Balance is but a brief transition between extremes.
"Traders with extremely intense emotions had the worst overall trading performance, researchers found. Traders with the best performance had reactions somewhere in the middle, stronger than those reporting little emotional response, but not intensely happy when their trades did well or down in the dumps when they didn't.
'Having an intermediate range of emotion response seems to be the sweet spot,' said Lo.'
Researchers also found there isn't necessarily a trading personality marked by aggressiveness, for instance. The researchers said that suggests "different personality types may be able to perform trading functions equally well after proper instruction and practice," provided they don't get too emotional about profits or losses."
As a trader, you don't need academic proof: you have lived it daily, perhaps at times even been a victim of your own emotions. Looking inward can be just as useful as charts and technique if improving your performance is what you are after.
If you haven't delved into trading psychology, Innerworth.com, which offers an excellent free newsletter, is one place to start.
Another would be Trading in the Zone, by Mark Douglas. Douglas is himself a trader and a pioneer in this field with his 1990 classic, The Disciplined Trader, written before most business schools discovered "financial engineering".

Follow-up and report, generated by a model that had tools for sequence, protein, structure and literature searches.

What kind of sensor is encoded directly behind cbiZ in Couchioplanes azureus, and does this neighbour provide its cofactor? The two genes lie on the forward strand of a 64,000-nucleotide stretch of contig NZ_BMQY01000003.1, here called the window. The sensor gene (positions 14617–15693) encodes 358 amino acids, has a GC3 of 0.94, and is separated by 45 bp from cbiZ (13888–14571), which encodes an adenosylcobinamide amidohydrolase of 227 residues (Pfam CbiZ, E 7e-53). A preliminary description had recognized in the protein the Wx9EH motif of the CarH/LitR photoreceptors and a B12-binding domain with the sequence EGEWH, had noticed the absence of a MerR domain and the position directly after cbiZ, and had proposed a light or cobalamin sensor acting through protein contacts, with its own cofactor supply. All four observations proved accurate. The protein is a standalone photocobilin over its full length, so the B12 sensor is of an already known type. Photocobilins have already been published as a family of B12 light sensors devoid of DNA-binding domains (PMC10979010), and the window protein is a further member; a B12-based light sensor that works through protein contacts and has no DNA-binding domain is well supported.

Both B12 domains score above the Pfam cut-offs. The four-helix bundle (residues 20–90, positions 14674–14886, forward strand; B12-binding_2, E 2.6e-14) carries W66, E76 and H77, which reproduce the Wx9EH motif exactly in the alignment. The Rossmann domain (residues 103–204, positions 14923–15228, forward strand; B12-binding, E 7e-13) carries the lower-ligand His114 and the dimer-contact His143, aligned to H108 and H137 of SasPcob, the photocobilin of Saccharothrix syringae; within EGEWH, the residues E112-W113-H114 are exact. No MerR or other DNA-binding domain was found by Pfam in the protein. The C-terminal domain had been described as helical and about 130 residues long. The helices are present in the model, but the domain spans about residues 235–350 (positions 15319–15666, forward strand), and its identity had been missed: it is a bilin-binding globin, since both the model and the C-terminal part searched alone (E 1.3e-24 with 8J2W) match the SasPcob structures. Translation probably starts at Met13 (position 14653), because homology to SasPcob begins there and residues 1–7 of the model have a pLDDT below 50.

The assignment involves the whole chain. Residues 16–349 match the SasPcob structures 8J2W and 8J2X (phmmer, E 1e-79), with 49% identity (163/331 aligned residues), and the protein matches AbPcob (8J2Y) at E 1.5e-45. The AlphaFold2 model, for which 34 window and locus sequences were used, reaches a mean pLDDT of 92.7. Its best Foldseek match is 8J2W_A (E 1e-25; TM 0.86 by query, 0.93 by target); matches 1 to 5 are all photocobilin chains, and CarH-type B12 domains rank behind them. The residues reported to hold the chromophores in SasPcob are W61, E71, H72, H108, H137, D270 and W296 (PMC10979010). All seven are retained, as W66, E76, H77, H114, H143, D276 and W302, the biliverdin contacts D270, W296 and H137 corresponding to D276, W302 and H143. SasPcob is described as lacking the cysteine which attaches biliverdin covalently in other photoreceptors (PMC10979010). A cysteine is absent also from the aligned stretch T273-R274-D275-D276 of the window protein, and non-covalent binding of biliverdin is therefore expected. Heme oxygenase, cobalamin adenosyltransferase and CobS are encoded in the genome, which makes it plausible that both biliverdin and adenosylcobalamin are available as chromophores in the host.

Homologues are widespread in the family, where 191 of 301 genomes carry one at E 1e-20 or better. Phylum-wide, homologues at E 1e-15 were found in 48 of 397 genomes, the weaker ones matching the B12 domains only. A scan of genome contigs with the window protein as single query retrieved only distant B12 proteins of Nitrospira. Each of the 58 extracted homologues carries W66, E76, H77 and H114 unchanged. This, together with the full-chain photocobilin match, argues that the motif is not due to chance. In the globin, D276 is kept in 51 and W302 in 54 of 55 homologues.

Trading psychology has even earlier roots. Charles Mackay's Extraordinary Popular Delusions & the Madness of Crowds describes manic markets of the past, and Jesse Livermore's Reminiscences of A Stock Operator chronicles the inner life of a daytrader in the early 1900s. Finally, Candlestick charting, with its origin in 1600s rice futures and final development in Meiji Japan, exploits emotional terms for market behavior.
For a trader to recognize the waves of emotion and reject them in favor of riding the market waves means transforming negative behaviors into positive attitudes and effective actions. Forgoing charting for a bit, I'll be sharing my own thoughts on this subject over the next few posts.
An important disclaimer: my knowledge on this subject no more indicates my own success than does a spoon taste the soup it holds. However, an "A" for effort counts.
At last, over the rim
of the waiting earth
the moon lifted with
till it swung clear of the horizon and rode off,
free of moorings
- Kenneth Grahame,
The Wind in the Willows